Mearsheimer’s take on the ICJ decision.
John J. Mearsheimer is the R. Wendell Harrison Distinguished Service Professor of Political Science at the University of Chicago, where he has taught since 1982.
Cross-posted from Substack Account
The International Court of Justice (ICJ) issued its Order yesterday (26 January 2024) on the South African case against Israel involving possible genocide in Gaza.
Predictably, the coverage of the Order in the mainstream media in the West aims to spin the story in ways that are most favorable to Israel, which means minimizing or omitting those elements of the story that make Israel look bad and emphasizing that the ICJ did not order Israel to cease all military operations in Gaza.
Hardly anyone expected the ICJ to rule that Israel would have to stop all military operations in Gaza, since it is at war with Hamas, and the court cannot order Hamas to cease its military operations against Israel. What the ICJ did tell Israel, however, is that it must focus its offensive on Hamas, and not target the civilian population. After all, the genocide charge revolves around what Israel is doing to the civilian population in Gaza, not Hamas.
What really matters in the Order is what it says about Israel committing genocide. How could it be otherwise? Genocide is the crime of all crimes.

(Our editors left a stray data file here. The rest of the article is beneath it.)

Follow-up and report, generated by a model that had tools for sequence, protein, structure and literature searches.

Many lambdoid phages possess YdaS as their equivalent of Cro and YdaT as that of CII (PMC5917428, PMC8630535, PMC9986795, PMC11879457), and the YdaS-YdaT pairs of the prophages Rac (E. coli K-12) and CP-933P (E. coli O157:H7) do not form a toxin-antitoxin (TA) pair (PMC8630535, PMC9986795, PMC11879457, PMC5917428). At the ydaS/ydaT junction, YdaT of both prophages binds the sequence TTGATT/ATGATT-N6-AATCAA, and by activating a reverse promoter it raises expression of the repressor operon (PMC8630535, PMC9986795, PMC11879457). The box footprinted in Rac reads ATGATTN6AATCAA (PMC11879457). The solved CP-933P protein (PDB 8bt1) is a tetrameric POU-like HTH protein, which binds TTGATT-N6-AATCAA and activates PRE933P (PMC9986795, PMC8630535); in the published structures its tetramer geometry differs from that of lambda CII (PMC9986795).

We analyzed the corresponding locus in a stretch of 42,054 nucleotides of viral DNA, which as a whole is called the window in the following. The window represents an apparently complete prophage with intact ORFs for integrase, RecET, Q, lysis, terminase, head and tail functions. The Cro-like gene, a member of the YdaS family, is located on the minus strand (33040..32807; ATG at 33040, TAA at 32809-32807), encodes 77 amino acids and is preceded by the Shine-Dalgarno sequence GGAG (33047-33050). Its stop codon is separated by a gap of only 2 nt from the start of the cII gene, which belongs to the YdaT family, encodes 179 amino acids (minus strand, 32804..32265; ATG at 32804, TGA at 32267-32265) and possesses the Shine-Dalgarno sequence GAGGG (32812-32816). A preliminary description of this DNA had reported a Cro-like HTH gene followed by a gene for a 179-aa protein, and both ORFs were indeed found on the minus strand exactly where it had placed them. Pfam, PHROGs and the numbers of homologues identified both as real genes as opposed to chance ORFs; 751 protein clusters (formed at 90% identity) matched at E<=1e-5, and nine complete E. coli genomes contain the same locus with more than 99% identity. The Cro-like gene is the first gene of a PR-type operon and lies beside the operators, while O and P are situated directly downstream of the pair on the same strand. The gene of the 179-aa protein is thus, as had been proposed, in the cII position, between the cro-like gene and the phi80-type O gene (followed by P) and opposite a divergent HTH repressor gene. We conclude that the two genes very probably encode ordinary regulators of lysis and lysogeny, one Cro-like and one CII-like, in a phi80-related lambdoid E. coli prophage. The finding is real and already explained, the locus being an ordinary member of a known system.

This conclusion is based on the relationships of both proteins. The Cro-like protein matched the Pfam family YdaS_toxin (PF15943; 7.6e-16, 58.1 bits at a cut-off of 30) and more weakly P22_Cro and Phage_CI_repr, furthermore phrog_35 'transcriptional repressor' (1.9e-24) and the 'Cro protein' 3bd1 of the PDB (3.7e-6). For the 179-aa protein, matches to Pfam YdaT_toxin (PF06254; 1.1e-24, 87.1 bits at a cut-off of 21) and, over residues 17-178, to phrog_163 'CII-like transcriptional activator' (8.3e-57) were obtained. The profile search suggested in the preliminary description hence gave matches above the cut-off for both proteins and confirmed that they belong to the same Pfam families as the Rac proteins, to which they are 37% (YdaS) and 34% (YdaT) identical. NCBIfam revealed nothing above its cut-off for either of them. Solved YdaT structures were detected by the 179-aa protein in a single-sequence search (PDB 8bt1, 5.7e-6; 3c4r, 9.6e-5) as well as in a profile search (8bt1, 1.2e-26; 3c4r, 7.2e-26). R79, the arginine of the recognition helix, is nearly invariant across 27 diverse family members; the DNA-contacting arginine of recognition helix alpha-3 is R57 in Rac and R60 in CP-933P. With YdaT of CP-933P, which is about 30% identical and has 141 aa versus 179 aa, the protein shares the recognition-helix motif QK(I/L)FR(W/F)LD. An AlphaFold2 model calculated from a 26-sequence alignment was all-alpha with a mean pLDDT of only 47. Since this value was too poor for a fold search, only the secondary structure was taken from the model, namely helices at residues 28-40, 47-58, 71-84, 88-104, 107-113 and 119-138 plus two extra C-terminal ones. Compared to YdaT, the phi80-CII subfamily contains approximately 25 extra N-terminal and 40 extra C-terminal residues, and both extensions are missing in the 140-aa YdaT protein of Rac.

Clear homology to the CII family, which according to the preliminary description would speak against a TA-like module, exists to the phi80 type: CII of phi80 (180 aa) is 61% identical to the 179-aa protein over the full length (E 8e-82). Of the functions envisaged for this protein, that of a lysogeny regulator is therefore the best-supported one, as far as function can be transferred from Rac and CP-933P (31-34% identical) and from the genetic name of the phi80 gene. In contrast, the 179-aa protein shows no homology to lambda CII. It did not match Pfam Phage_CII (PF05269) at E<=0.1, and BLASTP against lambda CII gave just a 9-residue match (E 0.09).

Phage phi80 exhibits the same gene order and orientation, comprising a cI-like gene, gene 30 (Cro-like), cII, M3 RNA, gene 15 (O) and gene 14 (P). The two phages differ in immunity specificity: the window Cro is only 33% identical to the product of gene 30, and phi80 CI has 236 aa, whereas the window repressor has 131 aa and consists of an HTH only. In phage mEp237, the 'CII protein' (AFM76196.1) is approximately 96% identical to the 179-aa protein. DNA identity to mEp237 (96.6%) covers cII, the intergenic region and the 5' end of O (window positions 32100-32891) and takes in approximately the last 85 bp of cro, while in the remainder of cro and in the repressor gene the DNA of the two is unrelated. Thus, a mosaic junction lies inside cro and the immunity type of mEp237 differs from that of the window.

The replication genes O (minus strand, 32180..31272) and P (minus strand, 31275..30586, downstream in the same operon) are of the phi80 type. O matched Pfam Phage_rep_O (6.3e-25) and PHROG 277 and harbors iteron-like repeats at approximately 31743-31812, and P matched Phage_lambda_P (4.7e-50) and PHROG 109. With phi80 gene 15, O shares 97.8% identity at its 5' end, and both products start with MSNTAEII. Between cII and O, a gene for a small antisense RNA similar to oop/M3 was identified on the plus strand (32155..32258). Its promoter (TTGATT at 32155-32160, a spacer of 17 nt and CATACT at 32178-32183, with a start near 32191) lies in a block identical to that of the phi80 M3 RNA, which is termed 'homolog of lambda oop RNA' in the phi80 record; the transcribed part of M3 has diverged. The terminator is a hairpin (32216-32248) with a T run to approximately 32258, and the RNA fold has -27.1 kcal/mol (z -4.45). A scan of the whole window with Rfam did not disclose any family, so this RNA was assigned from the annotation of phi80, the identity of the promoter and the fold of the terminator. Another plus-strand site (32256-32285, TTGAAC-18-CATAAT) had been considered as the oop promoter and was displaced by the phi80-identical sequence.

The Order clearly states that there is: 1) plausible evidence that Israel has the intent to commit genocide; and 2) there is plausible evidence that Israel is committing genocide.
In response to that dire situation the court ordered Israel to stop committing those acts that appear to be genocidal, and to preserve any evidence that bears on this matter, obviously for the trial ahead.
In short, the ICJ did not make a final decision on the charge of genocide against Israel, but said there is sufficient evidence at this point to believe there is a “real and imminent risk” of genocide, and therefore Israel must fundamentally alter its conduct of the war in Gaza.
I think this is a stunning outcome, especially when you consider the votes among the 17 members of the ICJ.
There were six separate votes on six provisional measures that Israel was instructed to obey.
Four of the votes were 15-2.
Two of the votes were 16-1.
Amazingly, the Israeli judge — who was recently appointed by Prime Minister Netanyahu — voted in favor of two of the measures.
The American judge, who is also the head of the ICJ, voted in favor of all 6 of the measures.
The only judge who voted against all six measures is from Uganda.
I watched the ICJ proceedings on 11-12 January 2024, and they were conducted in a professional and fair-minded manner.
Both the Israelis and the South Africans sent their “A” teams to the proceedings, and each took over three hours to lay out its arguments systematically and comprehensively.
Finally, I have read the ICJ’s 27-page Order, and it is an impressive document, which is not to say one must agree with all its conclusions.
This was not a kangaroo court.
It seems clear that yesterday was a black day for Israel, as the ICJ Order will leave a deep and lasting stain on its reputation.